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Shifts happen subtly, don't they? I still remember when iPhones were first released and being so excited to have all this capacity in one device. I may be aging myself, but I don't like that we are all attached to our phones. I'm the odd one that leaves my phone in my purse in appointment waiting rooms or anywhere that people are. I'd like to tell you that people look at me strangely like I must be this poor soul that can't afford a phone, but honestly not many people notice because their heads are all down in their own digital world. We lost those short, kind, in person conversations with strangers. Sorry, lost in a tangent. My point is that when we got those phones, we didn't know what was going to happen to our society. It was a subtle shift.

This made me ponder when people stopped sharing their wisdom and skills and started to believe that they needed to be an expert in something to sell it, or teach it, or give guidance to others. I remember being able to ask people, how did you do that, would you be willing to share your process, and they would happily tell you!

But something shifted. We started to preface our guidance or opinions with "I'm sure you already know this," or "other people know much more about this than I do," or "I'm not the best...." With so much technology at our fingertips, we assume that people know more than they do. And so we hesitate. We don't want to look dumb, as if they are all going to reply, Ya duh, I just thought you were doing this a better way.

“It is better to remain silent at the risk of being thought a fool, than to talk and remove all doubt of it.” -Maurice Switzer

And yet at the same time, we have this other louder group that bellows advice without any real knowledge on the topic at all. You can tell as soon as they start talking that they don't know what they're talking about. But they want to feel relevant so they speak up about things they haven't experienced themselves.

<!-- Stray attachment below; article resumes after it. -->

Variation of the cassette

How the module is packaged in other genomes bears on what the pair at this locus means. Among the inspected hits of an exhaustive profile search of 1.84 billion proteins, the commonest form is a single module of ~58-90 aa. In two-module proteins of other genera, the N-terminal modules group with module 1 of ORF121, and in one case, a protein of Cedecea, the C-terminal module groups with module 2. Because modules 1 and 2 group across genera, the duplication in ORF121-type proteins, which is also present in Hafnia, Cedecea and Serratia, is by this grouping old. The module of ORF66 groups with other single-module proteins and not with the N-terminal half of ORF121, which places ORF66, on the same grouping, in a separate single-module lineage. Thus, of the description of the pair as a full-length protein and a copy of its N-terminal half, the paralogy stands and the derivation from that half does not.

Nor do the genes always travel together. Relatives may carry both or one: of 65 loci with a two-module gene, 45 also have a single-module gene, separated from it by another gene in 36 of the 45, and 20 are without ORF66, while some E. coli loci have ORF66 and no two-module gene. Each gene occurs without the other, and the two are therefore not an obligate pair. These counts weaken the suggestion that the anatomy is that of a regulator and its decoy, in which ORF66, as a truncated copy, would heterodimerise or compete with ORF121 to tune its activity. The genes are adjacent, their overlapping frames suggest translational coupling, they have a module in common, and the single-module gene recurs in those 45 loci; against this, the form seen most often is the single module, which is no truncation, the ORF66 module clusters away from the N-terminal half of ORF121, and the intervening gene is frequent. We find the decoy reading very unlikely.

And I think that's where people get stuck. They don't want to come off as someone who hasn't put in the work to be an expert on the topic but they are humble enough to know that there likely are people that have more experience or expertise.

“Experts were once amateurs who kept practicing.” -Amit Kalantri, Wealth of Words

Can we just acknowledge that you don't have to be an expert in something to have insight valuable enough to share. My son graduated with a degree in Networking and Cyber Security, yet when he got to his first professional job- they said, uh no....we're doing it this way. They didn't care about his fancy degree that said he was now an expert.

You can be knowledgeable about something and still have room to learn more. Just to be clear, I am in the camp that knows that I have a lot to learn, and I'm humble enough to say "this is what I've learned so far, but there may be a better or different way."

But still.... not an expert.

Warmest regards,


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